Cost-Effectiveness of Using a Social Franchise Network to Increase Uptake of Oral Rehydration Salts and Zinc for Childhood Diarrhea in Rural Myanmar


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This paper examines the incremental cost-effectiveness of a strategy to promote the use of oral rehydration solution and zinc supplementation for the management of acute diarrhea in children under 5 years through social franchising compared to standard government and private sector practices. The study uses cost and outcome data from an initiative by PSI in 3 townships of Myanmar in 2010 to promote an ORS-Zinc product called ORASEL.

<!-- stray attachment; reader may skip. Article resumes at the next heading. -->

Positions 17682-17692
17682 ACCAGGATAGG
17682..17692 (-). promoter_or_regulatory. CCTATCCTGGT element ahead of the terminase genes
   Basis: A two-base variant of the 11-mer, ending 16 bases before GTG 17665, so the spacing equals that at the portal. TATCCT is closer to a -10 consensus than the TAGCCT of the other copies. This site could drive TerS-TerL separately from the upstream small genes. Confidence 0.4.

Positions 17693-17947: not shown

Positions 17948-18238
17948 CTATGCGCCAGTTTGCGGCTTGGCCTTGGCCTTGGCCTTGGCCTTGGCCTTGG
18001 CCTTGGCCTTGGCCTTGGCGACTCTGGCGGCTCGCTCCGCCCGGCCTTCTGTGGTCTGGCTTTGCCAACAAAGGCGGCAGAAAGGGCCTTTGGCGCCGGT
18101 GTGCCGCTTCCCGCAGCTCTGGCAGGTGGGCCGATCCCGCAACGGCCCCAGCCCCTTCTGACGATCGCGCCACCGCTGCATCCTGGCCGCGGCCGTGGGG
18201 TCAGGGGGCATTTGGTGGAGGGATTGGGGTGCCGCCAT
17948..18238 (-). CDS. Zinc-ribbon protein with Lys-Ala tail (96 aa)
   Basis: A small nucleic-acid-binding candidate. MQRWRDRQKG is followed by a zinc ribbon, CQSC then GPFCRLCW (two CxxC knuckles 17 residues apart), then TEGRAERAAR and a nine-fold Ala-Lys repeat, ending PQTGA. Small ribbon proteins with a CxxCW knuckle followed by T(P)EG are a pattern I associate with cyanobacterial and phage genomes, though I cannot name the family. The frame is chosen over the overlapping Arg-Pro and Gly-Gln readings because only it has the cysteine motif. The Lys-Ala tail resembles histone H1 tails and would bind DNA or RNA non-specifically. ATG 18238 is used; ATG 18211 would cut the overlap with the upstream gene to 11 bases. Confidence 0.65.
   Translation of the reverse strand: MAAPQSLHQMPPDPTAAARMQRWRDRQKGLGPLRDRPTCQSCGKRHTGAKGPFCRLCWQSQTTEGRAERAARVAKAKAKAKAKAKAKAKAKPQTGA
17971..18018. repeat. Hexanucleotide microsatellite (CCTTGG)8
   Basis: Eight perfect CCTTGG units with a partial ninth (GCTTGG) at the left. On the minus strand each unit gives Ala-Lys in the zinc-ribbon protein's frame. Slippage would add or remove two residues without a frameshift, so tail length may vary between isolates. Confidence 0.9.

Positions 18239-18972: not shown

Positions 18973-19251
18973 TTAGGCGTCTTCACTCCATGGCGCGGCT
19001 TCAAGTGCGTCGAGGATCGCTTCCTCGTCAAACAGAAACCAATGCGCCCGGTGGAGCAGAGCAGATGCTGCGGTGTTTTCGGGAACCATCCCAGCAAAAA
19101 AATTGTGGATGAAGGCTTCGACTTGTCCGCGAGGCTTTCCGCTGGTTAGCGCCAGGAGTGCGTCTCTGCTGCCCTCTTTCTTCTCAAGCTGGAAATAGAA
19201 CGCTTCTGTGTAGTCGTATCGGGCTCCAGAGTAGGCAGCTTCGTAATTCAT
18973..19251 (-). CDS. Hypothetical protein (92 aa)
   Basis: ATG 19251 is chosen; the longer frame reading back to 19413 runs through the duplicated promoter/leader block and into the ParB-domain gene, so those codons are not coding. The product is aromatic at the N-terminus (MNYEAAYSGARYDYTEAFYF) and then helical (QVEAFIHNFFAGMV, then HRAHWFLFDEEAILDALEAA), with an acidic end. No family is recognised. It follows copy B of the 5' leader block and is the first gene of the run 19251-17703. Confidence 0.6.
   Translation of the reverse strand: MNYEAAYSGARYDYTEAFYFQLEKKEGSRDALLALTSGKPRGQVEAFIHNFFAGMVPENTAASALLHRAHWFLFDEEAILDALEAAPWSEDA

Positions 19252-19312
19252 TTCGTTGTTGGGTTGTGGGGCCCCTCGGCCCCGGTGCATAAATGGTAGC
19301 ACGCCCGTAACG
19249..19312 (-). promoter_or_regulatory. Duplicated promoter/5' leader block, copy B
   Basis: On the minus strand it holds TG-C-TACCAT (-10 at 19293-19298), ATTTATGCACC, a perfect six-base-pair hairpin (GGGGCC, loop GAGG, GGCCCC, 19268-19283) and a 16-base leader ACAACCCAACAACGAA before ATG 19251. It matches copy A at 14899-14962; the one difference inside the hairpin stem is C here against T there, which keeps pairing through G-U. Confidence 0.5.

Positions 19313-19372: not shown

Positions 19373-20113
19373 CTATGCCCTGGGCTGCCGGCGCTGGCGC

Findings suggested that investing in developing a network of private sector providers and keeping them stocked with ORS-Z as is done in a social franchise can be a highly cost-effective in terms of dollars per DALY averted.